Session 4: Global implications of product standards

Everyone can agree the tobacco industry needs standards. Not everyone agrees the industry needs regulation. Moderated by Rolf Lutz, director of product policy for Philip Morris International, Session 4: “Global implications of product standards,” attempted to educate attendees on the differences between regulations and standards. A regulation is a document providing binding legislative rules that is adopted by an authority. Regulations set mandatory requirements and related conformity assessments deemed necessary by legislators for protecting citizens, the environment, infrastructure and property (intellectual and physical).

A standard is a document, established by consensus and approved by a recognized body, which provides for common and repeated use, rules, guidelines or characteristics for activities or their results. Standards are aimed at the achievement of the optimum degree of order in a given context. There are also two separate types of standards, mandatory and voluntary. A mandatory standard means that if a product is not compliant with the requirements of a technical regulation, the product is not allowed to be put on the market. In a voluntary standard situation, a noncompliant product will still be allowed on the market, but the market share may be affected if consumers prefer products that meet local quality standards, according to a panelist.

The U.S. Food and Drug Administration (FDA) may establish a tobacco product standard if it finds it is appropriate for the protection of public health. The FDA is required to assess the risks and benefits to the population as a whole, including users and nonusers of tobacco products, and the increased or decreased likelihood that existing users will stop or that nonusers will start using tobacco products, according to a speaker. The FDA also considers the technical achievability of compliance, countervailing effects on the health of adolescent and adult tobacco users and nonusers, and the potential for the creation of significant demand for contraband products.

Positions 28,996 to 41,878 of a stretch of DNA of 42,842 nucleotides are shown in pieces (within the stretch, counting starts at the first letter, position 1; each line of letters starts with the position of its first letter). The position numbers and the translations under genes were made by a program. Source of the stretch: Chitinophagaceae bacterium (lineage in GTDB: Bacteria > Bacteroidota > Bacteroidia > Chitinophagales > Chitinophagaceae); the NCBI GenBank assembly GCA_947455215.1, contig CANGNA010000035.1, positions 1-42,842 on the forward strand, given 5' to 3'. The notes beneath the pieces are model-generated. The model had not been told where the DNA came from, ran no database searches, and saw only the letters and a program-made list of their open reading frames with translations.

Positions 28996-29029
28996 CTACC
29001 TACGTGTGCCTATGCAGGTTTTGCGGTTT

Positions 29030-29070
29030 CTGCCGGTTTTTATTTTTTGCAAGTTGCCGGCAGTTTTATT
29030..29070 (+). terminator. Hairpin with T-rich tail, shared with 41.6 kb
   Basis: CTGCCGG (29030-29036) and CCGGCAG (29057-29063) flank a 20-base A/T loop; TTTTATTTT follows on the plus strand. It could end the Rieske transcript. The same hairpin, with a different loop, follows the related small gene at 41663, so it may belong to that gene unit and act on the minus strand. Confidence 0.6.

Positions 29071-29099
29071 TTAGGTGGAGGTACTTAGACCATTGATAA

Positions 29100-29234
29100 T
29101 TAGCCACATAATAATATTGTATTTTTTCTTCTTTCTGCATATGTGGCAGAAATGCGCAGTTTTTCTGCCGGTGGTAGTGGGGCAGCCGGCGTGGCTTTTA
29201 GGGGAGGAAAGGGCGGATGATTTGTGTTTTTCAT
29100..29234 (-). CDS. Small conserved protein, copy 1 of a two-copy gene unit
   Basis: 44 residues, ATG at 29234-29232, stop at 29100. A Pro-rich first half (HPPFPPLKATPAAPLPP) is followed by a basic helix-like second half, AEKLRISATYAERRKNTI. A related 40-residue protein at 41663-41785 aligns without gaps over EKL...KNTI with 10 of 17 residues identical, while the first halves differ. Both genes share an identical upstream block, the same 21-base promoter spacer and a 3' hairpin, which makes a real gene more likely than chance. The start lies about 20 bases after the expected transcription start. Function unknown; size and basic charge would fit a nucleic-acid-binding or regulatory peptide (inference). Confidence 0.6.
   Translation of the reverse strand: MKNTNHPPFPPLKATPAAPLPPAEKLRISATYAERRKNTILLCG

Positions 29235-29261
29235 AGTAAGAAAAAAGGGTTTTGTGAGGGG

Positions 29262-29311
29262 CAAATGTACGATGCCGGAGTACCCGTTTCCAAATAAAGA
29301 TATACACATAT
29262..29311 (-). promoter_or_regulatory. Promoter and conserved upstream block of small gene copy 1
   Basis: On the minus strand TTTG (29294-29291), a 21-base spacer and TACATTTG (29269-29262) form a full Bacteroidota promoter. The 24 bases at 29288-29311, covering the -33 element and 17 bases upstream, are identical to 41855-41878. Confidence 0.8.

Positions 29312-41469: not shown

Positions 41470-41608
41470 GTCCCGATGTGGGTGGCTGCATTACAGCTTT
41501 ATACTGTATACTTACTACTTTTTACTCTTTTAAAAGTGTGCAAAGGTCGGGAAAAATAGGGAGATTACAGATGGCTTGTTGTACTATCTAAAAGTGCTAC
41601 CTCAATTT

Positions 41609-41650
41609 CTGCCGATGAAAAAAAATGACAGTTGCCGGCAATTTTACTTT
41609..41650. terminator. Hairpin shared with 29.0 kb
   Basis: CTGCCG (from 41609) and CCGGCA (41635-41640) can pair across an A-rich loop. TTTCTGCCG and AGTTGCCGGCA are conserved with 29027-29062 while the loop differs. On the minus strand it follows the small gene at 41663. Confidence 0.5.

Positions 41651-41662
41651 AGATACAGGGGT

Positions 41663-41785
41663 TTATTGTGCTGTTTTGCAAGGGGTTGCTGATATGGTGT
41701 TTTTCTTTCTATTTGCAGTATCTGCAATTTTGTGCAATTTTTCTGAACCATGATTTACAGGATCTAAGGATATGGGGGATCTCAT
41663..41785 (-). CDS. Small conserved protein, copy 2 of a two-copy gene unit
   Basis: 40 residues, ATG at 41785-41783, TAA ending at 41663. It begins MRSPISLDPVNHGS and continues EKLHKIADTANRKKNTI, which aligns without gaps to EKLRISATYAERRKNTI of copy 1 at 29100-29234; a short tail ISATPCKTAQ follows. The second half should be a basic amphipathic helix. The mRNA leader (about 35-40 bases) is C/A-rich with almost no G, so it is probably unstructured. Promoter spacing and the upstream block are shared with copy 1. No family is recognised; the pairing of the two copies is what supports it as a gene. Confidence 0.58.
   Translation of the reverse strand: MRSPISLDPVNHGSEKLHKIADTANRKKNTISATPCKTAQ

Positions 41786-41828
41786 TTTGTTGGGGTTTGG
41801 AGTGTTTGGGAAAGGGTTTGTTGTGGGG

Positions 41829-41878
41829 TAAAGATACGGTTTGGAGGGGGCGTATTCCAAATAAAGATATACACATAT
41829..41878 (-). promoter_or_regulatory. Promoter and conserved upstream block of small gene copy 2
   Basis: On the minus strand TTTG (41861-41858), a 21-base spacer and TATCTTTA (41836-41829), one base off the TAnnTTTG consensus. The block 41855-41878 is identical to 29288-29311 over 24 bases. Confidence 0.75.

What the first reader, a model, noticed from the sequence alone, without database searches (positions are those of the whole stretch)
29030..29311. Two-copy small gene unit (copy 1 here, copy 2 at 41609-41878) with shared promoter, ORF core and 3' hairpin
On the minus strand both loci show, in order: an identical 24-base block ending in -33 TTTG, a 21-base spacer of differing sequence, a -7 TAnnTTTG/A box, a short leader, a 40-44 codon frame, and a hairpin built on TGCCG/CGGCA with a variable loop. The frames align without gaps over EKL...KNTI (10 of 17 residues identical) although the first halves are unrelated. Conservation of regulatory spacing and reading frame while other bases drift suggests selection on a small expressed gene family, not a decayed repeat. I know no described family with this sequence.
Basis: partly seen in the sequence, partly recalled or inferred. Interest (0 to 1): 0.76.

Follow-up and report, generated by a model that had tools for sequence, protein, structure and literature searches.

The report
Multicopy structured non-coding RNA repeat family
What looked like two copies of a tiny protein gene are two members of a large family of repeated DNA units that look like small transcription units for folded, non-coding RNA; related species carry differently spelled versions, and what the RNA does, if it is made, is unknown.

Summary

New tobacco product categories have brought about various challenges for the development of testing standards and test equipment manufacturers, according to a panelist. The rapid evolution of electronic nicotine-delivery systems (ENDS) and heat-not-burn products and a need by device manufacturers to test devices for aerosol yield, quality, etc., has outpaced the development of testing standards. This, in turn, has led to the accelerated development of analytical testing devices such as smoking/vaping machines often based on the thought “what we can do today that might help us” rather than “what do we need to know?” according to a speaker.

Current standards for ENDS products are based on machines designed for combustible products. With combustible products, testing standards have around for decades. The first U.S. federal standards for cigarettes were developed in 1966. These methods have been refined over more than half a century. However, with ENDS products, things like puff frequency and duration are different than with combustibles. The size of the puff taken in is also different. One speaker said that organizations such as Coresta now recognize additional parameters are needed to deal with different product types. Even machines recently developed for cigalike products may not be the appropriate testing application for more sophisticated vaporizers.

Another flaw in the standards development system is that organizations such as the World Health Organization don’t accept any recommendations from tobacco industry companies, according to a panelist. There are some standards or guidelines for testing of e-liquids such as the BSI PAS 54115:2015 and Russian Federation GOST R 57458–2017. Scientific organizations such as Coresta and ISO are also both working on the development of methods for aerosol generation by vaping machines that are expected to be published later this year, according to a panelist. Unfortunately, many published standards do not enjoy widespread adoption, often partially due to lack of supporting tools and information infrastructure.

Globalization and increased use of contract manufacturing amplifies the need for manufacturers, suppliers and service providers to have open, globally acceptable technical standards and the required conformance tests to ensure compatibility with the intended end use. Panelists agreed that it will take time for robust and reliable testing standards to be developed, particularly for machine aerosol generation and collection from the different types of products.

The development of these standards must be a collaborative effort between device manufacturers, testing machine manufacturers and regulators. There needs to be consensus-based standards that address technicalities and good practices for implementation, which are developed by a transparent process involving all the interested stakeholders.

These groups should also recognize that there is a measurement of uncertainty with any testing method, and understanding the implications is important. If you under-specify, the results are meaningless. If you over-specify the uncertainty, then you pay the price in time and money in developing the equipment. Standards should set an appropriate bar; however, regulators should let the scientists and engineers devise the means to get there.